What are the effects on any success?
However, the effects on ‘success’ are difficult to measure due to the large differences in definitions of ‘academic success’ in particular. a The Quebec survey, along with a literature review, conducted in 2011, asserts that the decrease in the number of students per class has positive effects on, among other things, students’ socialization, behavior and class climate, but the implications for their academic performance remain unknown due to a lack of reliable data. That is, even if several reports, including those already cited, tend to favor the idea that in elementary school a smaller group made it possible to recognize learning disabilities early on.
a A meta-analysis of ten studies Published in 2018 by the Campbell Collaboration, an international nonprofit research network that publishes systematic reviews of the social sciences, it concluded that reducing class size has, in general, limited effects on the social sciences. Success: Close to zero, or slightly positive. These effects can actually only be felt under a very low threshold, from 15, or even 10, students in a class. However, the authors retained only studies measuring effects on language and mathematics, after one year in a small class.
In 2006, a The study was conducted in France She found that first-grade class size had little effect on students’ reading and spelling skills. However, smaller classes (10 to 12 students versus 20 to 25 students) improved the performance of French-speaking children and children of middle and middle socioeconomic groups.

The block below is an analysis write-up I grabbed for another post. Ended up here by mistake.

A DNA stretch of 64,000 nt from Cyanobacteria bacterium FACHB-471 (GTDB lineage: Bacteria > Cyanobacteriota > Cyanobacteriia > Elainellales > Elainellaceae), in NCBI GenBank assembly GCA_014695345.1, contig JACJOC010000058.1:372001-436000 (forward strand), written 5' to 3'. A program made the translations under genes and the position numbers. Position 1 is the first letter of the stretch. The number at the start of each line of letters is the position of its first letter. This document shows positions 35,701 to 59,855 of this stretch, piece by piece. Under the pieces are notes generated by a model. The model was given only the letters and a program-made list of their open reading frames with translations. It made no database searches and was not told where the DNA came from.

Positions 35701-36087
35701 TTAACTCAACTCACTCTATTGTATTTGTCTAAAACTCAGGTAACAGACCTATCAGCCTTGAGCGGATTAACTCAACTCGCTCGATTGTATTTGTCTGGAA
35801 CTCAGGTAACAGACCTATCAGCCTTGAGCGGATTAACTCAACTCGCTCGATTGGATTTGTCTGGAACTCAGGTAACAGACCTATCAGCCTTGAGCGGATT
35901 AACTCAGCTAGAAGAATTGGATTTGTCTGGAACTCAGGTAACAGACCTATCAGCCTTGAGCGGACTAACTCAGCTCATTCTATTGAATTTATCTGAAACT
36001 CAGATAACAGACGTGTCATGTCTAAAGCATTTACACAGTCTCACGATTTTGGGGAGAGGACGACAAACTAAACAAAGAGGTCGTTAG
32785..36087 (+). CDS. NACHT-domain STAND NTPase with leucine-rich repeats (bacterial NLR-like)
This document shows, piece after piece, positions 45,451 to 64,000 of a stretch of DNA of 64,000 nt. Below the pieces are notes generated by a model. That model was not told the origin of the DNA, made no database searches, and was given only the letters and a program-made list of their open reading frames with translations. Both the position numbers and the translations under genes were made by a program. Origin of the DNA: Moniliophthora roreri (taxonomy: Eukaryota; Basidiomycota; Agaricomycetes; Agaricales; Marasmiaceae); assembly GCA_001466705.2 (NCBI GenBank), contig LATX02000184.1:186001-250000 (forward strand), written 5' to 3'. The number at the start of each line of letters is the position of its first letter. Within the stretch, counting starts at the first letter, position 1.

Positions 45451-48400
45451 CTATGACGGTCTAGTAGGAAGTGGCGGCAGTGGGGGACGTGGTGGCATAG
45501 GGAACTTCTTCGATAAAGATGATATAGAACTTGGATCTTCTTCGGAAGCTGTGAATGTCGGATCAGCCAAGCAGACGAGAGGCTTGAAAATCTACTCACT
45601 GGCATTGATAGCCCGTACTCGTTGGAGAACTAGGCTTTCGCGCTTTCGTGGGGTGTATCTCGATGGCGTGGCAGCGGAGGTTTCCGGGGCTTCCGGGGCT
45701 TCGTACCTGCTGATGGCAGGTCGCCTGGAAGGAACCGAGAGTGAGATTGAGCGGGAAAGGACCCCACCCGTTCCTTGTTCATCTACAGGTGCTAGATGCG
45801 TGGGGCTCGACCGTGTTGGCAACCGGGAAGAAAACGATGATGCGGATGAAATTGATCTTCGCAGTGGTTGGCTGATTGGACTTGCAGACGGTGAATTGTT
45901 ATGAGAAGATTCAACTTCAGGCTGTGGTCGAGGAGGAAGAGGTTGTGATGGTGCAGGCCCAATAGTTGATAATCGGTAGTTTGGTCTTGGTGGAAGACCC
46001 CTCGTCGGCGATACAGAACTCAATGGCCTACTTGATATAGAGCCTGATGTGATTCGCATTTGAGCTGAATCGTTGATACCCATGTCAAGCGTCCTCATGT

Long term effects
Do these positive effects last in the long term? Several studies show that children who attend small classes early in their education continue to benefit into adulthood. Based on monitoring data from the STAR program, a A study published in 2011 He concludes that teaching in a small class can have a positive effect on the likelihood of attending college. according to Another study Published in the same year, the probability of obtaining a college diploma would increase by 1.6% and the probability of attending college by 2.7%, with twice the effect among blacks.
in a different context, This study was conducted in Sweden It concludes that reducing the number of pupils per class in the last three years of primary school (from 10 to 13 years old) will increase the likelihood of accessing higher education and translate into an increase in income of 1.2%.
Later in education, the long-term effects of class size are more uncertain. a Danish study published in 2007 He concludes that small classes in college will have a positive effect on the duration of study. but two Analytics from norwegian data The 2017 publication did not reveal any significant effects of college class size on education or income.
Positive effects of class size are difficult to prove due to the large number of confounding variables or the difficulty in defining success criteria. On the other hand, research around the world appears to show that benefits will be most pronounced in the first cycle of elementary school and among disadvantaged populations. They also suggest that class sizes should be limited to 15 or 20 students in order for the impact on academic success to be significant.